The McDonnell XF-88 Voodoo was a proposed long-range strike fighter and bomber escort that was entered into the Penetration Fighter Competition held by the United States Air Force (USAF) in June and July of 1950.
Despite failing to meet any of the necessary requirements and being outrightly dismissed by USAF evaluators, the creators of the XF-88 Voodoo never stopped believing in the potential of their invention, whose development cycle would later be hailed as the foundation upon which their most successful aircraft, the F-101 Voodoo, was conceived.
- Model 36 Penetration Fighter
- The Voodoo
- Penetration Fighter Mission
- F-101 and NASA Testing
Wishing to replace World War Two-era aircraft including the Lockheed P-38 Lightning, the Republic P-47 Thunderbolt, and the North American Mustang P-51, on August 28th 1945 USAF issued new specifications for a strike fighter designed to escort long-range bombers.
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After several revisions, USAF finally announced they needed a craft that had a single-place cockpit, bubble-type cockpit canopy, sweptback flying surfaces, four to six 20 mm cannons, external tanks and ordnance that could be jettisoned, as well as a combat range of 600 miles, the ability to fly up to 600 miles per hour, and which could climb to an altitude ceiling of 50,000 feet in 5 minutes.
In response, the McDonnell Aircraft Corporation drew up blueprints for its Model 36 Penetration Fighter, with McDonnell chief engineer Kendall Perkins assigning E.M ‘Bud’ Flesh as the project lead and Dave Lewis as head of aerodynamics.
Model 36 Penetration Fighter
Basing the schematics on the failed XF2H-1 Banshee rejected previously by the US Navy, on October 13th 1945 McDonnell submitted their earliest prototype, the McAir Model 36C, to USAF command at Wright Army Air Field in Dayton, Ohio.
Most memorable for its V tail or butterfly tail reminiscent of the later Lockheed Martin F-117A Nighthawk stealth fighter, Model 36C was heavier than other single-seated fighters of its ilk mainly because the designers wanted to meet the fuselage and fuel volume requirements set out by USAF, while also ensuring there was adequate space for the Westinghouse J34 turbojet engines that were to be eventually installed in the production model.
After 8 months of assessment, on June 26th 1946 USAF sent a Letter of Contract informing McDonnell that they would be required to assemble two flyable versions, the XP-88 and the afterburner-equipped XP-88A, a decision that was formally recognized with the issuing of a contract on February 14th 1947 and officially designated as Secret Project MX-811.
Following a lengthy developmental period in which McDonnell was forced to invent its own afterburner, the MAC Short afterburner after engine manufacturer Westinghouse proved unwilling to help, the XF-88, inscribed with the name ‘Voodoo’ on its nose and re-branded with the initial ‘F’ for a fighter, commenced flight evaluations on August 11th 1948 at the McDonnell facility at Lambert Field in St. Louis, Missouri.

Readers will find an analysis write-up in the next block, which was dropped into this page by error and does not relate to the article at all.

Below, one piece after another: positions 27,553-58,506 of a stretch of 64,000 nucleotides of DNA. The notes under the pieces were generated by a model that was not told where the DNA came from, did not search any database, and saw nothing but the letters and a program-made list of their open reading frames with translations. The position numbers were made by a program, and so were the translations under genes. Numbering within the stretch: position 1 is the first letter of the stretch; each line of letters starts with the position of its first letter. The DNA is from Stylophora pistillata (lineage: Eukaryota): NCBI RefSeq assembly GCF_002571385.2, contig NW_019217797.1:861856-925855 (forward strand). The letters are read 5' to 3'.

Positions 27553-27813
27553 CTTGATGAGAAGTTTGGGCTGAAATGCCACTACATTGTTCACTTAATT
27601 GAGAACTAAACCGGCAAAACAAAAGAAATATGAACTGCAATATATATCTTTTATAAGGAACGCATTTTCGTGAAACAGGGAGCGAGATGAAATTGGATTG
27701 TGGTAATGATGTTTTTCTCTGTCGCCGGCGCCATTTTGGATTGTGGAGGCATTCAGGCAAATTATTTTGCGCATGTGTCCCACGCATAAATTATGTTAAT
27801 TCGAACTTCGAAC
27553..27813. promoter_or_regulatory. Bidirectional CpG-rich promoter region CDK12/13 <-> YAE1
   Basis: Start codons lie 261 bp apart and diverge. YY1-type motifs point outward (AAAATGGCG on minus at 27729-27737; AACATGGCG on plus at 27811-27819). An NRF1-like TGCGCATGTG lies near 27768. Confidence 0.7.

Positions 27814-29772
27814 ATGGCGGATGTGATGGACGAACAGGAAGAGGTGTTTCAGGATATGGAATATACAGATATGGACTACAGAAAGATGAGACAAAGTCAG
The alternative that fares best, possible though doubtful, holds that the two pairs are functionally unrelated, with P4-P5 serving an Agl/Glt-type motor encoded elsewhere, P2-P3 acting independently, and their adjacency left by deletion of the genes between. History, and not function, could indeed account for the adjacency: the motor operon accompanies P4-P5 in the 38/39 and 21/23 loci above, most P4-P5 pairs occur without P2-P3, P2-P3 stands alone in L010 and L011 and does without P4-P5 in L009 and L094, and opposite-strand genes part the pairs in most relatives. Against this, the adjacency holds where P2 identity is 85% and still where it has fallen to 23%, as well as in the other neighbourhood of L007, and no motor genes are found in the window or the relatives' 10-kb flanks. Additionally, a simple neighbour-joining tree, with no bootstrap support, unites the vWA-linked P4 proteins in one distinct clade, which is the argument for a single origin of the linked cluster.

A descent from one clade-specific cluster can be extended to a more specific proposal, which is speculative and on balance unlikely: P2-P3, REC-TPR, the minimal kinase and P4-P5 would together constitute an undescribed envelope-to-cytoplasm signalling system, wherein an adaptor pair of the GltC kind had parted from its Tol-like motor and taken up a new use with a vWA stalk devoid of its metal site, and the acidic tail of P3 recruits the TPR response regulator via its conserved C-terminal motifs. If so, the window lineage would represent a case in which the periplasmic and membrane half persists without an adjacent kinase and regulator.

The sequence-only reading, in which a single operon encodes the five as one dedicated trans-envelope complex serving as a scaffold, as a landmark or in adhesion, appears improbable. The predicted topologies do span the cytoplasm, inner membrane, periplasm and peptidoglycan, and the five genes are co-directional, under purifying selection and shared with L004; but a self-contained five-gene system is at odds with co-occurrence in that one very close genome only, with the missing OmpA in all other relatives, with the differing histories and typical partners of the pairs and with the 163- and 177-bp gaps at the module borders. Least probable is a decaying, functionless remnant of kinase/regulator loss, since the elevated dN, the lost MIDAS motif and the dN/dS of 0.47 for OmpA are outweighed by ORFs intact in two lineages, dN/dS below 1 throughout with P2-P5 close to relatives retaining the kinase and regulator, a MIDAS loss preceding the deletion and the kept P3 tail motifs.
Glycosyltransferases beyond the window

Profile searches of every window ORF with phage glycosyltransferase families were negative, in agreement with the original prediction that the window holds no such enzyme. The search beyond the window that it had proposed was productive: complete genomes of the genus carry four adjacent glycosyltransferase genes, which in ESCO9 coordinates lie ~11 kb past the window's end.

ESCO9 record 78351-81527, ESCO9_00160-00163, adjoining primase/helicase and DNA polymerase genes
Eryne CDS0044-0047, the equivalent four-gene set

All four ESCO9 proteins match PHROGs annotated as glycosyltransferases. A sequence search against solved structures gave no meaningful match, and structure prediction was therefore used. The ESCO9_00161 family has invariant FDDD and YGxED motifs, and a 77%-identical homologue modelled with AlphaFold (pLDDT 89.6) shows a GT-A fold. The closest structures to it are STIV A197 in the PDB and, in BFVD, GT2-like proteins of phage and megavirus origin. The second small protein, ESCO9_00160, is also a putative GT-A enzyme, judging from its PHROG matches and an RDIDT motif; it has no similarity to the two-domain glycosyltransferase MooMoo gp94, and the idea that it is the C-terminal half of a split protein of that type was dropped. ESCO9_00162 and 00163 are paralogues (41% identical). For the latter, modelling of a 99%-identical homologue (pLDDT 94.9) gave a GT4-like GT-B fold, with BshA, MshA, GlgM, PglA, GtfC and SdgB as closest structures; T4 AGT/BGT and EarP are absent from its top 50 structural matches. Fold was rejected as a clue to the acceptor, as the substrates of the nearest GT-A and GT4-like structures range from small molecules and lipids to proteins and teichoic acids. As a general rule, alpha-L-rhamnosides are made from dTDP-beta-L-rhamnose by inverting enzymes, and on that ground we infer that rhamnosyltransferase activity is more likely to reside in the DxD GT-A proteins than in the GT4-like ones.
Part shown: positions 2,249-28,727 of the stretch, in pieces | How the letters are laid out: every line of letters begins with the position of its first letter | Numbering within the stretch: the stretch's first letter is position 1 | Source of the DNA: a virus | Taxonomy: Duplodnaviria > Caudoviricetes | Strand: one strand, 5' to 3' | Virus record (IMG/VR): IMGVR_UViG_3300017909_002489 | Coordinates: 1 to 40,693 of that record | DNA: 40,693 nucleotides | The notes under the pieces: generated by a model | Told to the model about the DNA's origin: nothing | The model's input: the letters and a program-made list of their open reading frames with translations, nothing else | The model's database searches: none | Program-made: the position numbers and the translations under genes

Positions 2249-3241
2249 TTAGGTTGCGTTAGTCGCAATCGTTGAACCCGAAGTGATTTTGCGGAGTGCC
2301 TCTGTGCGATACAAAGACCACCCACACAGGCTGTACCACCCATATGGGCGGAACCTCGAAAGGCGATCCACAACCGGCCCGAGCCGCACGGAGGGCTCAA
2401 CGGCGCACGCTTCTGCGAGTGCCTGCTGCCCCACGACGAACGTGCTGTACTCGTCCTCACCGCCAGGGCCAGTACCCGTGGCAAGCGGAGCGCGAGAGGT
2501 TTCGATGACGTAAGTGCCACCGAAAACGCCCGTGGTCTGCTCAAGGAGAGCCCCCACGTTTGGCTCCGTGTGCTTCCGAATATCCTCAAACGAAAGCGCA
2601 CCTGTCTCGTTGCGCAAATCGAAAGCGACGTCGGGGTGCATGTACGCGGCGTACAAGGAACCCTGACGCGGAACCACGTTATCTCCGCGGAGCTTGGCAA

The McDonnell XF-88 Voodoo, replete with sweptback wings that had a 39.8-foot span and a 350 square-foot area, was a strike fighter that could also act as an escort for bombers, and in its XF-88A configuration was 54.2 feet long, 17.3 feet high, and had an empty weight of 12,140 pounds as well as a gross weight of 18,500 pounds.
With a top speed of 641 miles per hour, the XF-88A was powered by two Westinghouse J34-WE-13 non-afterburning turbojet engines with a thrust of 3,200 pounds or dual J34-WE-15 afterburning turbojet engines with a thrust of 4,200 pounds, while the later XF-88B used two J34-WE-15 afterburning engines in combination with one Allison XT38-A-5 turboprop engine possessing 2,650 horsepower.
The XF-88A had an arsenal of armaments that included 6 nose-mounted M-24 20 mm cannons with 220 rounds of ammunition each, while provision was made for either two 1,000 pounds bombs or eight 5-inch High-Velocity Aircraft Rockets or HVARS.
After the initial run of pre-flight tests had been completed, the non-afterburning XF-88 piloted by McDonnell chief test pilot Robert M. ‘Bob’ Edholm, took to the skies for the first time on October 20th 1948 for Phase I testing.
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Results were disappointing, with Edholm describing how the dual non-afterburning J34-WE 13 engines with a combined 6,400-pound thrust had simply not provided enough power to propel the aircraft satisfactorily.
Edholm’s concerns were confirmed in a string of 17 further assessments conducted by USAF for Phase II testing undertaken between March 15th and March 26th in 1949, which concluded that although the XF-88 was pleasantly manoeuvrable it was seriously underpowered. Painting a somewhat bleak picture, Edholm would go on to express doubts about the XF-88A fitted with an afterburner, predicting that it wouldn’t be able to reach much above Mach 1.